Plaintiff alleges that he was the third patient in 2017 who underwent revision surgery following a mistake by Dr. DuShuttle. (Id.). Plaintiff alleges that Metzger and Scarborough should have known from his letters and grievances there was a problem with Dr. DuShuttle, but inmates were still sent to Dr. DuShuttle for consultation and surgery and nothing was done to protect inmates. Plaintiff alleges that Connections forced him to see Dr. DuShuttle after he expressed his dislike and prior malpractice, and this violated his right to be free from cruel and unusual punishment under the Eighth Amendment of the United States Constitution. (Id. at 8). Finally, Plaintiff alleges that the Connections staff lied in 2015 when Plaintiff was told that Dr. DuShuttle was the only orthopedic provider on contract, but he learned that Connections also had a contract with First State Orthopedics. Plaintiff alleges that Scarborough is the deputy warden in charge of the medical department at the VCC. (Id.).

         Plaintiff seeks injunctive relief in the form of proper medical care and compensatory damages. (Id. at 14). He requests for counsel. (D.l. 15).


         A federal court may properly dismiss an action sua sponte under the screening provisions of 28 U.S.C. § 1915(e)(2)(B) and § 1915A(b) if "the action is frivolous or malicious, fails to state a claim upon which relief may be granted, or seeks monetary relief from a defendant who is immune from such relief." Ball v. Famiglio, 726 F.3d 448, 452 (3d Cir. 2013). See also 28 U.S.C. § 1915(e)(2) (in forma pauperis actions); 28 U.S.C. § 1915A (actions in which prisoner seeks redress from a governmental defendant); 42 U.S.C. § 1997e (prisoner actions brought with respect to prison conditions). The Court must accept all factual allegations in a complaint as true and take them in the light most favorable to a pro se plaintiff. Phillips v. County of Allegheny, 515 F.3d 224, 229 (3d Cir. 2008); Erickson v. Pardus, 551 U.S. 89, 93 (2007). Because Plaintiff proceeds pro se, his pleading is liberally construed and his complaint, "however inartfully pleaded, must be held to less stringent standards than formal pleadings drafted by lawyers." Erickson v. Pardus, 551 U.S. at 94 (citations omitted).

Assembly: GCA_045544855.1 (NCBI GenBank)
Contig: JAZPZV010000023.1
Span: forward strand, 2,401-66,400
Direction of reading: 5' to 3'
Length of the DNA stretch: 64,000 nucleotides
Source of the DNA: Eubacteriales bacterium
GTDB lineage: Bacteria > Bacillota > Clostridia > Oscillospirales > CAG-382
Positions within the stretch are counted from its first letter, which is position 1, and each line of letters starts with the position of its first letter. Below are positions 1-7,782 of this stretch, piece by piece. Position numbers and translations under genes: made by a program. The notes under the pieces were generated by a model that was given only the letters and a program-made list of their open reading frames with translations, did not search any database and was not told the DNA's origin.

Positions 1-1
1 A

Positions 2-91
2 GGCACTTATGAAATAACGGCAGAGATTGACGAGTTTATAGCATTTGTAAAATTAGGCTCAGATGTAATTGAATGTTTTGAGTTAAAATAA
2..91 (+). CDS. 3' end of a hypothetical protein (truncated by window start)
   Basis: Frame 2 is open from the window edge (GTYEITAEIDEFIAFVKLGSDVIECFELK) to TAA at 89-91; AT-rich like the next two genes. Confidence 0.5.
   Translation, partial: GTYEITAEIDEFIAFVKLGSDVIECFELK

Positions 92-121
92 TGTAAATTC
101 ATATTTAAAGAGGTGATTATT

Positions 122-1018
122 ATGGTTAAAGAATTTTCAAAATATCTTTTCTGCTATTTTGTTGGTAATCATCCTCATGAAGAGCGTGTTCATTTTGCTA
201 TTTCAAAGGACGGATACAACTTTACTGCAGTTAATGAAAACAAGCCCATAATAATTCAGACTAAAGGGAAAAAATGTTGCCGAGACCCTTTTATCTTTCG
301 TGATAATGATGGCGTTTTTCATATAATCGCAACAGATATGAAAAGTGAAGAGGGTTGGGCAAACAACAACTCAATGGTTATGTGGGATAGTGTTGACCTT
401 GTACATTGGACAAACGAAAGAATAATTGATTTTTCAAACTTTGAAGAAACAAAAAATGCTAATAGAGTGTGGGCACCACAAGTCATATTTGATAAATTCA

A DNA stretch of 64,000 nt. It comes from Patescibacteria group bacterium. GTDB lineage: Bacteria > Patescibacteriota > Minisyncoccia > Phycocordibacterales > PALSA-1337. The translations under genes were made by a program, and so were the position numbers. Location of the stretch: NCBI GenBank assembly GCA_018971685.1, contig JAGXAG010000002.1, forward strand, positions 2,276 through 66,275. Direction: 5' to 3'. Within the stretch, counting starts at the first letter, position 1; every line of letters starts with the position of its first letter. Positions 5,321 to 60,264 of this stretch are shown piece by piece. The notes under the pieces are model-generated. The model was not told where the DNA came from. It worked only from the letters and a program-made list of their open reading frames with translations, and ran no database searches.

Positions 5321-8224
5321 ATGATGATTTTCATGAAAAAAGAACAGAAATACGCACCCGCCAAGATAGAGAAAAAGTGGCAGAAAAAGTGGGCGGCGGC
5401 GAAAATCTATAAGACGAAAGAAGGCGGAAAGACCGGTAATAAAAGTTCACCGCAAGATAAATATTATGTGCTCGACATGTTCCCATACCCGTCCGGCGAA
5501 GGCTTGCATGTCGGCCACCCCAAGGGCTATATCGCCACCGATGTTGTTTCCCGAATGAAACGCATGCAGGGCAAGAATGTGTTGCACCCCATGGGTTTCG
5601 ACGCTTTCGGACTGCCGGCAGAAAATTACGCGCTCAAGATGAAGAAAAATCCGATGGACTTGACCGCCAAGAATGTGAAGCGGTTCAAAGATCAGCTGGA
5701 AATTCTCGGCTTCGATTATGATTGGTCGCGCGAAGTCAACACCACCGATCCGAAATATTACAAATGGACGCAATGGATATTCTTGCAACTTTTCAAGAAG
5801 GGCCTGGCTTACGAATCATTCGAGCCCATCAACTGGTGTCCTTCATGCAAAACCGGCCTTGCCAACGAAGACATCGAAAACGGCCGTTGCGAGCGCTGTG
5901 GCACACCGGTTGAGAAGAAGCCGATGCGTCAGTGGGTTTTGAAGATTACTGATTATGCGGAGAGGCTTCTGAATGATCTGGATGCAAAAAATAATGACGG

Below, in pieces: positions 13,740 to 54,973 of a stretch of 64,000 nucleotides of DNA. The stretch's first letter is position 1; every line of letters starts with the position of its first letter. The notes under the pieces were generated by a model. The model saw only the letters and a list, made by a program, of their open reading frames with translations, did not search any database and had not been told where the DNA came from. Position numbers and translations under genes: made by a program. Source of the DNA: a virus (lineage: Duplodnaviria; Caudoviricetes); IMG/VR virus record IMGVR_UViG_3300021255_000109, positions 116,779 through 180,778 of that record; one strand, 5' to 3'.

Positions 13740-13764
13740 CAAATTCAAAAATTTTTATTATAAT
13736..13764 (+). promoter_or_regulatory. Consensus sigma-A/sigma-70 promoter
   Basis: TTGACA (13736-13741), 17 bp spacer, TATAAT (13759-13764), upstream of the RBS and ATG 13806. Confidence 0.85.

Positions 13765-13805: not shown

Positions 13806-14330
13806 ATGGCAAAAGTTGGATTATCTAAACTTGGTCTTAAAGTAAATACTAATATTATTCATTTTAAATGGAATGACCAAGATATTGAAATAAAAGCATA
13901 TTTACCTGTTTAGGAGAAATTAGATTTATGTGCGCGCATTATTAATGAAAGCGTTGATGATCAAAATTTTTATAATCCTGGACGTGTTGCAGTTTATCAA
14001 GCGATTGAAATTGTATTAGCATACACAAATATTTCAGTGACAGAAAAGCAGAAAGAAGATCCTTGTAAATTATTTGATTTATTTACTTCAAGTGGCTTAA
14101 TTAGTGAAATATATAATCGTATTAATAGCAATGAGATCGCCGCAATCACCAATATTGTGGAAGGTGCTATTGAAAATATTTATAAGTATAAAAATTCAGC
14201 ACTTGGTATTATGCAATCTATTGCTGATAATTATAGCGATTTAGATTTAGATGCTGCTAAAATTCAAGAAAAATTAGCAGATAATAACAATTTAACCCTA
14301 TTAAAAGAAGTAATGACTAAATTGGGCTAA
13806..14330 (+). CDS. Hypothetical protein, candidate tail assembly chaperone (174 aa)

An action is frivolous if it "lacks an arguable basis either in law or in fact." Neitzke v. Williams,490 U.S. 319, 325 (1989). Under 28 U.S.C. § 1915(e)(2)(B)(i) and § 1915A(b)(1), a court may dismiss a complaint as frivolous if it is "based on an indisputably meritless legal theory" or a "clearly baseless" or "fantastic or delusional" factual scenario. Neitzke, 490 U.S. ...